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Norman Khumalo

The Cambridge City Council convened to discuss COVID-19 protocols and other important city matters Monday evening.
The Cambridge City Council convened to discuss COVID-19 protocols and other important city matters Monday evening. By Ryan N. Gajarawala
By Katerina V. Corr, Crimson Staff Writer

City manager finalist Norman Khumalo said he is driven to Cambridge as a “community in transition” in his candidate questionnaire. Cambridge, he wrote, is “pursuing contemporary ideals and in some cases losing ground on gains achieved in the past.”

Cambridge’s Initial Screening Committee announced four finalists who will move forward in the search for a new city manager earlier this month: Iram Farooq, Cheryl Watson Fisher, Yi-An Huang ’05, and Norman Khumalo.

Khumalo is currently the town manager in Hopkinton, a role he has held since 2009. Previously, he served in management and planning roles in the governments of Westford, Walpole, Wellesley, and Lawrence in Massachusetts. He also worked as a senior town planner in the City of Bulawayo in Zimbabwe.

In his resume, Khumalo, who declined an interview request, describes himself as a “highly talented town manager” who “seeks to apply his extensive skills to a municipal organization.”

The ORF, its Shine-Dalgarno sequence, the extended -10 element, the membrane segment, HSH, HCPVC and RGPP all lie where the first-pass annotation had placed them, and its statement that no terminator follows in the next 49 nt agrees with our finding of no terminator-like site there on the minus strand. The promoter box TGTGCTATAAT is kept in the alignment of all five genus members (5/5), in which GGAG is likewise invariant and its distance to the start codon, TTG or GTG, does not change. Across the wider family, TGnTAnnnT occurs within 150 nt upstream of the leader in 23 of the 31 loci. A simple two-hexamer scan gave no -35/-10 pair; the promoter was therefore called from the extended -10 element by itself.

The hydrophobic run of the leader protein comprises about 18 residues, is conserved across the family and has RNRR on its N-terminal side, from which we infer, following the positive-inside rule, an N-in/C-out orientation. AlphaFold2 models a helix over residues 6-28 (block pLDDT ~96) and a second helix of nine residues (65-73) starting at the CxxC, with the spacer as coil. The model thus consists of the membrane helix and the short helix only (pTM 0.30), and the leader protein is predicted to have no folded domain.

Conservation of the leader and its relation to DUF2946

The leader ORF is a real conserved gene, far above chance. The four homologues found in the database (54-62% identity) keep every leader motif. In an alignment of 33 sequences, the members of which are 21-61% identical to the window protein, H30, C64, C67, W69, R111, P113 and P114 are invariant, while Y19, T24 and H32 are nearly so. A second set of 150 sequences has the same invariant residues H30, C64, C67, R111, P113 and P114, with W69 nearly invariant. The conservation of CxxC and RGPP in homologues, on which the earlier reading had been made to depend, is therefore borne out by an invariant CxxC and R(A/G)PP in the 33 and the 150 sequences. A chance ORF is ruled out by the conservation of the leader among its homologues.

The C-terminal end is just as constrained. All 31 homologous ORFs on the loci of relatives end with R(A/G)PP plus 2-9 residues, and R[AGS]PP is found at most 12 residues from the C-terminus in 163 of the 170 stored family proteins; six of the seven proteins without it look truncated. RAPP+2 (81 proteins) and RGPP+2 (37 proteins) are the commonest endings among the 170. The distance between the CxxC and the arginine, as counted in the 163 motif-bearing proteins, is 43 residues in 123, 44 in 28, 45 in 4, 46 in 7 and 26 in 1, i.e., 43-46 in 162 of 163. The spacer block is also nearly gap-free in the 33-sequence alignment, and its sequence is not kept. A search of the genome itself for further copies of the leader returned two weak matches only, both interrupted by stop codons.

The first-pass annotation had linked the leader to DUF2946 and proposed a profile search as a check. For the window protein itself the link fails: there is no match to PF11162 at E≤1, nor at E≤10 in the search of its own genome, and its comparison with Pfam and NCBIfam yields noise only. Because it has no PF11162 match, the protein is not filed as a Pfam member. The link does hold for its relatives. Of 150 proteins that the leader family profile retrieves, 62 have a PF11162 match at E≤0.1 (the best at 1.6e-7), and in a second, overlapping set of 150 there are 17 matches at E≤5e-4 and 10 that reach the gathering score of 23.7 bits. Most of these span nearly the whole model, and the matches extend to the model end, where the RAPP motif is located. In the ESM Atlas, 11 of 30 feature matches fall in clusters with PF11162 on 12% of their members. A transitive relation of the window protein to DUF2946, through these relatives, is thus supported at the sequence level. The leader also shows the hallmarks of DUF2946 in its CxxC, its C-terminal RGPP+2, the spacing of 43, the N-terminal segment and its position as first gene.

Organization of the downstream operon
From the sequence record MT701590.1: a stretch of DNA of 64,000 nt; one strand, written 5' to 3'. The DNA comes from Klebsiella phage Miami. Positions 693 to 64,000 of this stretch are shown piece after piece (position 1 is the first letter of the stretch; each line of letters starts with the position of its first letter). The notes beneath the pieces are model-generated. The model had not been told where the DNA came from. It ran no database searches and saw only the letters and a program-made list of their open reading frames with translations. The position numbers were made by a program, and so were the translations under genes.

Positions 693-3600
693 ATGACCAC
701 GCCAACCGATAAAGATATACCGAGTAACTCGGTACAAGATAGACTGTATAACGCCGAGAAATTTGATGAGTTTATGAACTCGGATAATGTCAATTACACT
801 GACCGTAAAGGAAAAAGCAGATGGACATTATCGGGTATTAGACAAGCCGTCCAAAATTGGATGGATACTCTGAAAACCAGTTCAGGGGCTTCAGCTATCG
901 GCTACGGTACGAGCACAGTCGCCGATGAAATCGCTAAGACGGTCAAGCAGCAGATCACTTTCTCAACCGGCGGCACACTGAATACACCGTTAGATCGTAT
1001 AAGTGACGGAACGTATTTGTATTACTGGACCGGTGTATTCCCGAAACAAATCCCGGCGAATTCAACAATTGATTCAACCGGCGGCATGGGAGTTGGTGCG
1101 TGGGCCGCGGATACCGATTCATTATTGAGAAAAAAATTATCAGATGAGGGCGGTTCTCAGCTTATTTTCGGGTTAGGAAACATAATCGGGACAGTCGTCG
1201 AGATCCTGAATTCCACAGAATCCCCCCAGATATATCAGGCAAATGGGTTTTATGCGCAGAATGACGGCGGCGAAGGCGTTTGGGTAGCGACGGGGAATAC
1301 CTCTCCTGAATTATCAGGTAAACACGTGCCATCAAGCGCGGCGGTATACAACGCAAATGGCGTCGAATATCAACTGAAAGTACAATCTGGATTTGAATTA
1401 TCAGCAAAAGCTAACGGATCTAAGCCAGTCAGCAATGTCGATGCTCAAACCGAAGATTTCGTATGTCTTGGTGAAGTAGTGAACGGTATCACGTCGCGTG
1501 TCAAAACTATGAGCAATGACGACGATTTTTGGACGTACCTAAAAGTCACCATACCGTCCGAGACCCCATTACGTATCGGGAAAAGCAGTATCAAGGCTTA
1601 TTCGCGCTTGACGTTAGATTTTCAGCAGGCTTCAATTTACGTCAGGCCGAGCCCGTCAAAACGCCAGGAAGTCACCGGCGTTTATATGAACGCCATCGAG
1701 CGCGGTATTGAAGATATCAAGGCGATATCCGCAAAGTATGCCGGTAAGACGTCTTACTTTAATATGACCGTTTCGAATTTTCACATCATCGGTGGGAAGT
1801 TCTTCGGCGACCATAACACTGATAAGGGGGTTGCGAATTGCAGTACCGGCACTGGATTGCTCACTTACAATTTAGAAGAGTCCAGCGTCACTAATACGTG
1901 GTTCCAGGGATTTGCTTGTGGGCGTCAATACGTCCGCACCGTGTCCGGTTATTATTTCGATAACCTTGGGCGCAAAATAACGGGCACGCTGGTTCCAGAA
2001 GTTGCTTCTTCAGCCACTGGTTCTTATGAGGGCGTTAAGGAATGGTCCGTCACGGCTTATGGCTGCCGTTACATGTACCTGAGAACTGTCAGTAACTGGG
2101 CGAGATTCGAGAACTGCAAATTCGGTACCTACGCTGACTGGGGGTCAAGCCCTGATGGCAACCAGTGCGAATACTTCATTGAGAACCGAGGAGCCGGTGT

Earlier this year, Khumalo was named one of three finalists for Watertown’s city manager but was not selected for the role.

The cover letter he submitted for the Watertown position, which was made public by the Watertown City Council, is nearly identical — with the exception of several minor changes in phrasing — to the one he submitted for Cambridge.

Khumalo says in his Cambridge candidate questionnaire that he is “inspired by Cambridge’s commitment to addressing income inequality, social change, social justice, equity, and anti-racism.” He also highlights affordable housing, public transportation, and sustainability as other top priorities.

Some of Khumalo’s past initiatives described in his application included establishing “the first public transportation routes in Westford and in Hopkinton” and introducing the Dial-A-Ride program for elderly residents. He also detailed projects designed to mitigate climate change — what he describes as Hopkinton’s “strategic priority” — such as a stormwater management plan and adding more green space in Hopkinton developments.

When prompted to describe his leadership style in the questionnaire, Khumalo centered his description around “Ubuntu.” Khumalo describes the philosophy as an understanding that “as human beings, we are attached in every respect.”

He frequently employs the term “balance” to describe his leadership principles — balancing “confidence with humility,” “a desire to accomplish with patience,” and “hard work with having a joyful experience.”

“The pandemic has strengthened my belief in ‘Ubuntu,’” Khumalo writes. “Especially concerning the need to be holistically human-centered, to better understand my colleagues, and residents, including placing their needs, aspirations, resilience, wellness front and center in my daily routines with renewed enthusiasm.”

—Staff writer Katerina V. Corr can be reached at Follow her on Twitter @KaterinaCorr.

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